Restaurant worker fired after row with manager while holding knife awarded compensation

Restaurant Worker Fired After Row With Manager While Holding Knife Awarded Compensation
The fast-food worker was awarded €500 in compensation. Photo: Collins
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Seán McCárthaigh

A fast-food restaurant worker who was fired on the spot after a row with his manager while holding a knife in his hand has been awarded €500 compensation.

The Workplace Relations Commission (WRC) ruled that the employee, Martin Murphy, had been unfairly dismissed in a case taken against Tom Harrington, the owner of the Cork-based chain of Burgerhut restaurants.


The manager of the outlet told the WRC that he arrived in the shop on September 15th, 2023, in order to speak to Mr Murphy about slacking off on the job.

The manager said he had already had numerous informal conversations with the complainant about the same issues over several months.

He gave evidence that he regarded the latest conversation as a verbal warning.

The manager said he approached Mr Murphy, who was preparing potatoes in a back room, that he was not fulfilling all his duties and action would be needed to resolve the issues.


He claimed Mr Murphy immediately became agitated and began shouting: “I am working here longer than you; you don’t tell me how to do my job. No one ever had a problem with how I do my job.”

The manager said the complainant also said he would “drag you through the courts” if he was being threatened about his job.

He pointed out that no threats had been made about Mr Murphy’s job at that point, but he had remarked: “Do your job right, because I am sick of picking up the slack.”

Don’t you dare speak to me like that.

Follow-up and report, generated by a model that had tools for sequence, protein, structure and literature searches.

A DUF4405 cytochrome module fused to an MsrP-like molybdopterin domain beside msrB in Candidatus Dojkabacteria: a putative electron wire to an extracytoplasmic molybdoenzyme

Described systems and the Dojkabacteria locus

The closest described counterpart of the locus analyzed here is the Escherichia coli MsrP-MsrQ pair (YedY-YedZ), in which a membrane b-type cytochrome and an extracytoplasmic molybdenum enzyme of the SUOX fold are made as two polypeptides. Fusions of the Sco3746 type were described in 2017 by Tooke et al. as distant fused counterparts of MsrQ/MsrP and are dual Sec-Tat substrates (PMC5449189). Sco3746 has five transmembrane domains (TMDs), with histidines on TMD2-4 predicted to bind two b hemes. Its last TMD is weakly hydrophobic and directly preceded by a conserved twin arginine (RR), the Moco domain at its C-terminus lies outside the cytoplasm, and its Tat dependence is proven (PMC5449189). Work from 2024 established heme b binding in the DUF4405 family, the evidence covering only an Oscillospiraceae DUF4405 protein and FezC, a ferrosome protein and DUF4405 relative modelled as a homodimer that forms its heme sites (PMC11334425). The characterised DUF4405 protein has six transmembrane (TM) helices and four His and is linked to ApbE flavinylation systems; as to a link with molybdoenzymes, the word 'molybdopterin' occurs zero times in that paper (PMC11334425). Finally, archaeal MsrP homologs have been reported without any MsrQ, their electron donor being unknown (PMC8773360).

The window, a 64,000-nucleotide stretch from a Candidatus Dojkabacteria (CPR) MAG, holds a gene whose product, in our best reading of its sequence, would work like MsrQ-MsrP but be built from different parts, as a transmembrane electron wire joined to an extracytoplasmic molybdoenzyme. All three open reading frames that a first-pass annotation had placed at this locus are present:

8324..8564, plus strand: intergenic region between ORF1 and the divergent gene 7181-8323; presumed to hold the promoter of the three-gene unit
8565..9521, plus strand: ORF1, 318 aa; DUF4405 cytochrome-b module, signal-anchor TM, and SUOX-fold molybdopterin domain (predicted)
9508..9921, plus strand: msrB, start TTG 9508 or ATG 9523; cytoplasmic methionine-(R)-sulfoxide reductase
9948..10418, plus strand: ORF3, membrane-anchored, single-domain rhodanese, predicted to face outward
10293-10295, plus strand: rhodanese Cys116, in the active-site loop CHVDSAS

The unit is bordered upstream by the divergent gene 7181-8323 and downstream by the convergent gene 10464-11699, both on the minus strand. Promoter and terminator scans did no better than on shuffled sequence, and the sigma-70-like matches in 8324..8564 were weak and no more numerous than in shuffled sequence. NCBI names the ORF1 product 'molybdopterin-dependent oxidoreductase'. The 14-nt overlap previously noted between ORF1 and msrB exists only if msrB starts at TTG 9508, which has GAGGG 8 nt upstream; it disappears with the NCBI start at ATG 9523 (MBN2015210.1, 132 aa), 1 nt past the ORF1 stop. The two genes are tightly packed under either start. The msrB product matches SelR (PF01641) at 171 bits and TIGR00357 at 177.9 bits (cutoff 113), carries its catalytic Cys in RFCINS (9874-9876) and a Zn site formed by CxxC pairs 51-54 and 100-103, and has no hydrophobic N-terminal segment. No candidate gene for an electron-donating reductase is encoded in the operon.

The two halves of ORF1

The manager recalled that the worker had a knife in one hand and was pointing it in his face, shouting: “Don’t you dare speak to me like that. Who are you to do that?”

He recalled pushing Mr Murphy’s finger away from his face while saying: “Who are you pointing fingers at? You are the one not doing your job. I am doing your job every day. You can’t work with me with that attitude. You need to leave.”

Mr Murphy replied that only the restaurant’s owner could tell him to leave.

The manager replied: “I am coming here to tell you to do your job, not to fire you. You are the one shouting and roaring.”


He gave evidence that he felt it was fair to dismiss Mr Murphy due to his “consistent lack of respect, his incompetency to fulfil all duties of his role, his behaviour towards female staff members, shouting at me while wielding a knife and aggressively pointing his finger in my face”.

The manager said Mr Murphy begged him to reconsider his decision, but he refused.

“I have been a store manager in several fast-food stores for the past 15 years in Ireland and I have never come across someone with so little respect for his role and co-workers,” he added.

The manager said the incident was a result of tensions which had been building due to Mr Murphy’s dissatisfaction with the appointment of a new assistant manager and his own rate of pay and hours not being increased.


He claimed the complainant’s level of aggression was “unacceptable”.


In evidence, Mr Murphy denied that he had pointed a knife in the manager’s direction.

He said the manager claimed he was not doing enough work during his shifts and told him to leave the premises.

Mr Murphy said he believed he had got on great with other staff, and believed there were now three people doing his job.

He also told the WRC that he had not been looking for other work due to “personal/carer” reasons.

WRC adjudication officer, Gaye Cunningham, ruled that Mr Murphy had been dismissed without notice following the altercation with his manager.

Ms Cunningham said no written reason for his dismissal had been provided to the complainant and no formal disciplinary procedure had been followed.

While there was some conflict of evidence about the nature of the altercation and Mr Murphy had brought “a certain level of aggression” to the situation, Ms Cunningham said instant dismissal was not warranted.

She said it was understandable that the manager was dissatisfied with Mr Murphy’s work performance and attitude.

However, she said the complainant should have been subjected to a disciplinary process in such circumstances.

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